What to Feed an Older Dog That Won’t Eat

what to feed an older dog that won’t eat

Being faced with an older companion that refuses to eat or exhibits signs of a loss of appetite can be a scary situation for dog owners.  Loss of appetite in dogs is often one of the first signs that your pet is not feeling well.  At some point, however, most older dogs begin to eat less. This is a natural byproduct of aging, where the dog’s intake of food reduces as their metabolism begins to slow down.  

That being said, some dogs simply develop a picky streak when they get older.  Figuring out what to feed an older dog that won’t eat can be a significant hurdle for some owners.  Learning to effectively navigate your picky or undereating older pet can be difficult as established routines are upset for both the owner and pet. This article will offer some helpful tips that can be used to encourage your pet to eat more.  It will also discuss why it’s important to consult with your veterinarian when you notice a significant change in eating patterns for your pet.

First Step: Checkup

what to feed an older dog that won’t eatWhen your dog experiences a change in eating habits, it may be an indication that there is an underlying medical condition.  This is particularly true when your dog loses their appetite. A checkup with your veterinarian isn’t just a good idea because it may uncover an undiagnosed medical condition, it’s also recommended because a loss of appetite can lead to health complications in older dogs.  

One of the most common effects of loss of appetite is dehydration, which can lead to further health complications if left untreated.  Your veterinarian will be able to check their current health and run diagnostic tests to determine if any underlying condition is at fault.  Ruling this out can give a large amount of peace of mind moving forward when determining what to feed your dog. Your veterinarian will also be able to offer guidance about what to feed an older dog that may help you fix your pet’s problem.

Second Step: Experiment

Once you have ruled out any underlying medical conditions like dog cancer or diseases and gotten some guidance from your veterinarian, it’s time to attack the problem of your picky or undereating pet.  There are many reasons that dogs can begin to eat less when they get older, and in some cases, there is no single answer. As dogs get older, they may begin to change longstanding habits, develop new preferences, and otherwise manifest the aging experience in a variety of ways.  As an owner, these changes in your longtime companion may seem sudden and catch you off guard.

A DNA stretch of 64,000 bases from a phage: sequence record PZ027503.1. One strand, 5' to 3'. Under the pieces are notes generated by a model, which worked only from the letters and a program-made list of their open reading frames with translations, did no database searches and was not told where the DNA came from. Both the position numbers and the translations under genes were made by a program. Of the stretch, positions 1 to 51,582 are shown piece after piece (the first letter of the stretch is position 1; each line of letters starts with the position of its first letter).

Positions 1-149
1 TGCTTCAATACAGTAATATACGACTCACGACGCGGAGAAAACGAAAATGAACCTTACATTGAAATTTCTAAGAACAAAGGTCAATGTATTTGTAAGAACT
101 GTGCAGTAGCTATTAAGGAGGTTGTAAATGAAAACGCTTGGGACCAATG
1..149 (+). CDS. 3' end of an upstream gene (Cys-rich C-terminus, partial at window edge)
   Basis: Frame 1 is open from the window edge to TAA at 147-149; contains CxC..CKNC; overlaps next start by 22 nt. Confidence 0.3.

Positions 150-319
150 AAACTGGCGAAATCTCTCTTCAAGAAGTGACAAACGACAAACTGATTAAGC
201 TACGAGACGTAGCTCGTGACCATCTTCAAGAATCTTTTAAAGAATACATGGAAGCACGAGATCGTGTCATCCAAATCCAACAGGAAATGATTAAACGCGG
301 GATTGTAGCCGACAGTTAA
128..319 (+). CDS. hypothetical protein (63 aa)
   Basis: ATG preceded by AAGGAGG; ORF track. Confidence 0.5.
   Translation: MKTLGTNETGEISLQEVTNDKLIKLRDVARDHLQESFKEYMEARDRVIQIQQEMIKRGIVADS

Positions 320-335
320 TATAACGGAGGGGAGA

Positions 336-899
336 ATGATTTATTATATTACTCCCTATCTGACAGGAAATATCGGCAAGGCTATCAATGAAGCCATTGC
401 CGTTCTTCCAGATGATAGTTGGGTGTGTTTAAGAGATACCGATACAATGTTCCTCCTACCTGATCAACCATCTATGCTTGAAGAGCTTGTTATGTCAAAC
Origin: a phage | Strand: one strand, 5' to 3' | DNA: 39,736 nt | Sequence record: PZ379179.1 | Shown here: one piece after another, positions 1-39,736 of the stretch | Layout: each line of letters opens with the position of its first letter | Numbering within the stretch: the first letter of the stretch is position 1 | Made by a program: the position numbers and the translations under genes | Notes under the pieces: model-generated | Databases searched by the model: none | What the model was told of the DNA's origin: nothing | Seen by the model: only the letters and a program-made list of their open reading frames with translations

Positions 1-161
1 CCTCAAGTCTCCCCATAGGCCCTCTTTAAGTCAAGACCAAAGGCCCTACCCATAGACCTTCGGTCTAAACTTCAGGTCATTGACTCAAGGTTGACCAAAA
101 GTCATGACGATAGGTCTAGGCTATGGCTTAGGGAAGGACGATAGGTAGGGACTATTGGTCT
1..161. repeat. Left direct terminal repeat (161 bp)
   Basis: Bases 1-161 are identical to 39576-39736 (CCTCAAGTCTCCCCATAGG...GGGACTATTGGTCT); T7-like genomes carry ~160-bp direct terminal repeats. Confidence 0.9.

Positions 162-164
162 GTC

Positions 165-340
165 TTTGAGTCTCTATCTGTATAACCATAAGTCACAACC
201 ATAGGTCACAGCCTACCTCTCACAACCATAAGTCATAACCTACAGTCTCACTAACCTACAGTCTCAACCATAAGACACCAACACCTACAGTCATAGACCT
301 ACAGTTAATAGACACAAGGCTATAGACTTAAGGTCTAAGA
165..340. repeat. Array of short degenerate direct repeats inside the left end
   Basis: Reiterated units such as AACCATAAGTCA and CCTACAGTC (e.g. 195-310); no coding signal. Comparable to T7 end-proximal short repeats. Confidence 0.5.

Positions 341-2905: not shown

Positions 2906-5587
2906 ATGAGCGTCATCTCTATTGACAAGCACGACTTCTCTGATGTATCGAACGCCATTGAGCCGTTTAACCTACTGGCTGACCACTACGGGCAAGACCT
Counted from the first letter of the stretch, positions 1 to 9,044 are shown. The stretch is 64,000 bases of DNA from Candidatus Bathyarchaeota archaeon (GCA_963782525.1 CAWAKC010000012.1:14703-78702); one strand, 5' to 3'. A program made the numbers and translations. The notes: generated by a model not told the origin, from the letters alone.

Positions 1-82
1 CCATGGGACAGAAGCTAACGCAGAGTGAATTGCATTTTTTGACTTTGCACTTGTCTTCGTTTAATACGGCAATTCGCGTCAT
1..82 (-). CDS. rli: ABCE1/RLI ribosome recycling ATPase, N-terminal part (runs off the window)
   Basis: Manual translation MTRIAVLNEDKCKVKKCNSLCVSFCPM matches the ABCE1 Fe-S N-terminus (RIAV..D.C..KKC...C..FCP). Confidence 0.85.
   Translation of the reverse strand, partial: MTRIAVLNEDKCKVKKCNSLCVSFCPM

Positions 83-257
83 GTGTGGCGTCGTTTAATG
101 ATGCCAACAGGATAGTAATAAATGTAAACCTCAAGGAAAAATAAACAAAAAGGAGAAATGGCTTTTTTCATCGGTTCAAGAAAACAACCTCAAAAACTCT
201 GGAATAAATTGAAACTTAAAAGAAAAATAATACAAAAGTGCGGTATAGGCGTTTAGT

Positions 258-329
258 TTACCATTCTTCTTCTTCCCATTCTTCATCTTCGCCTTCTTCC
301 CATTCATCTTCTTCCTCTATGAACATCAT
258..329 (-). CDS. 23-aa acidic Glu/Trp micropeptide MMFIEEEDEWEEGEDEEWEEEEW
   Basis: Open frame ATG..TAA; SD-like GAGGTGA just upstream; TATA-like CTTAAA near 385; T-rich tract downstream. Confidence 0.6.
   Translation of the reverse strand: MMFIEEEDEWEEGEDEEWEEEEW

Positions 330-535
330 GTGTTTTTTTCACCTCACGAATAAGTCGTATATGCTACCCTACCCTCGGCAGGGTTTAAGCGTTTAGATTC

However, it is important to remember that a loss of appetite or picky eating behavior may just be a way to communicate that your dog wants you to change it up a bit.  Adapting to picky eating in older dogs requires having some flexibility, and an open mindset toward finding a solution that works while also sticking with the recommended dog nutrition checklist.  As such, owners will find that they may have to try a variety of different approaches to achieve an acceptable level of nutrition for their older dog.  The following tips can be used as a basis for early experimentation, but your particular solution may require thinking outside of the box.

Adjust Their Eating Time

Sometimes the solution is as simple as making slight adjustments to your dog’s meal time.  Experiment with giving him food slightly earlier or later than you normally would.

Try Different Foods

Don’t be afraid to try out different foods that you have fed him in the past.  Sometimes a new formula or flavor can excite his palate and encourage him to resume eating normally.  Your older dog may just be bored of the same old food he’s eaten for years. If you do change his food, select a good food source that uses high-quality ingredients and meets the nutritional needs of your dog’s age.

Wet vs. Dry

what to feed an older dog that won’t eatIf your dog has always eaten kibble, it may be time to try feeding him some wet food.  You can try mixing some wet food into his dry food, or if he shows a liking towards this type of food, just transition him completely to the wet variety.  Wet food has the added benefit of providing a higher level of moisture than dry food, which helps prevent dehydration associated with loss of appetite.

Warm It Up

Try stirring your dog’s food with a bit of warm water, or microwaving it for a few seconds to make it more appealing.  This may help your dog to find some curiosity towards the food, and excite his palate enough to encourage them to begin eating.

If you have followed these recommendations above and you are still having troubles getting your old dog to eat, it may be time to take your furry companion into the vet for further examination.

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